The inscriptions on tablets are dedications as the researchers, including Wachter, have rightly supposed. Most of the tablets have holes through which they were attached, as it turns out by the reading of the dedications, to the offered food-samples such as dishes of quail, duck, heifer, boar, fried meat, rice, millet, or often just named commonly as drink, sweet or fasting food. But the identity of the dedicated, the person(s) or god(s) is very questionable as Poseidon (on the tablets Potida, Poteda, Potda, Poteidan) and Amphitrite (Anphitrita, Afirita, Afitretan) turns out to be fasting food, feast of food-abundance, quail-dish, etc. when read in Scythic-Hun-Hungarian.

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Keywords : metrical dedication, Poseidon, Amphitrite, pinax


Date: 25.07.15. Author: Mihaly Mellar  Printable version     Send it to your friend!     Comment the article!  


Making Sense after Rudolf Wachter VII. (Corinth 5.)

As the Corinthian vase-inscriptions make up quite a large part of Wachter's book, I did break this part up into five subheadings, plus a separate blog for the Kypselos chest, which actually COR 66 in Wächter's book.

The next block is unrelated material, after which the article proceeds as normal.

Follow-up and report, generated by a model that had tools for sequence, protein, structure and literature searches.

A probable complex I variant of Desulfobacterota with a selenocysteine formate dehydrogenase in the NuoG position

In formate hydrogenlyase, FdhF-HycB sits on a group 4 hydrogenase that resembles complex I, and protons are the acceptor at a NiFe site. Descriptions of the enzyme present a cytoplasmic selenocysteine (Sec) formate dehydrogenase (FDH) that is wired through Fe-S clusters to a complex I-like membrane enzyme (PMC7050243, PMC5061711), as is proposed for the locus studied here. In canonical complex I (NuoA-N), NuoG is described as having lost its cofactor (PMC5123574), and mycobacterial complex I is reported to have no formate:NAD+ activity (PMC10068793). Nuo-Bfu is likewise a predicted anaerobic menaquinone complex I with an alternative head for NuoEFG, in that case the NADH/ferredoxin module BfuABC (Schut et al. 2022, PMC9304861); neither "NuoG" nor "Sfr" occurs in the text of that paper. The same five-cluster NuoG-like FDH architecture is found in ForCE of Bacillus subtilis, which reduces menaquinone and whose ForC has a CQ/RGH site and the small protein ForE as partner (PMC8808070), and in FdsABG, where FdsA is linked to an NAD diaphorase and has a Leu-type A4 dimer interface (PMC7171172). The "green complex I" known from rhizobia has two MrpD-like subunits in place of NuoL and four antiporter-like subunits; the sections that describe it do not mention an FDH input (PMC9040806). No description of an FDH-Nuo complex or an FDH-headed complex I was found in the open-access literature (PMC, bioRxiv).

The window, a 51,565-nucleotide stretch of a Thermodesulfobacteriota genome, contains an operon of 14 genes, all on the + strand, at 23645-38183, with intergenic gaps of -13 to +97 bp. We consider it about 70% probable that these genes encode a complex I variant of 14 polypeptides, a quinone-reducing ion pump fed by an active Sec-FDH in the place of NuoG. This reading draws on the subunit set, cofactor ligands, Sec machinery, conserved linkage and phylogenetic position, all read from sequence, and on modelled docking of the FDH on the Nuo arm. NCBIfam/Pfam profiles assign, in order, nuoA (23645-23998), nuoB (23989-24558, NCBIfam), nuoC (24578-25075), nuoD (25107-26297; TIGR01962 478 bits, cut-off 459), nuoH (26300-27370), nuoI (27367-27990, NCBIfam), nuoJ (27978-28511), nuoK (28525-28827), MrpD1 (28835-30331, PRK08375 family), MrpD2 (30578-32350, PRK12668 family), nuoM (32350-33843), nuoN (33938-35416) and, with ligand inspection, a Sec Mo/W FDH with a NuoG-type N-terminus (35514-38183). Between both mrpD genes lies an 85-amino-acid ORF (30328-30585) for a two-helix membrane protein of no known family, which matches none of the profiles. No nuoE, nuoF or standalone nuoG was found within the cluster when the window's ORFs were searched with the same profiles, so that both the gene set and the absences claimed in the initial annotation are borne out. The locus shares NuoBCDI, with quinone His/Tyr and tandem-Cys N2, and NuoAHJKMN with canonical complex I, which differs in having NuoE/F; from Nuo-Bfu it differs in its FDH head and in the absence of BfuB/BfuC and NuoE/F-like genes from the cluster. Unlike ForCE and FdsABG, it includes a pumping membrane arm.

In this part COR 107 is interesting for its anti-war sentiment. COR 113 questions the love of the slipping out, “faithful” lover. COR 128 is a clever saying, while COR 131 is a very picturesque prove for the readings I propose here.

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Keywords : Tydeus, Ismene, Achilleus, Memnon, Antilochos


Date: 21.07.15. Author: Mihaly Mellar  Printable version     Send it to your friend!     Comment the article!  


Making Sense after Rudolf Wachter VI. (Corinth 4.)

As the Corinthian vase-inscriptions make up quite a large part of Wachter's book, I did break this part up into five subheadings, plus a separate blog for the Kypselos chest, which actually COR 66 in Wächter's book.

COR 88 has two ligatures (missed by the epigrapher!) in “misspelled labels”, which make perfect sense in the context when read as bubble-words complementing the depicted scene. The reading of COR 92 is perfectly complementing the banquet scene, while COR 104 the boar-hunting scene.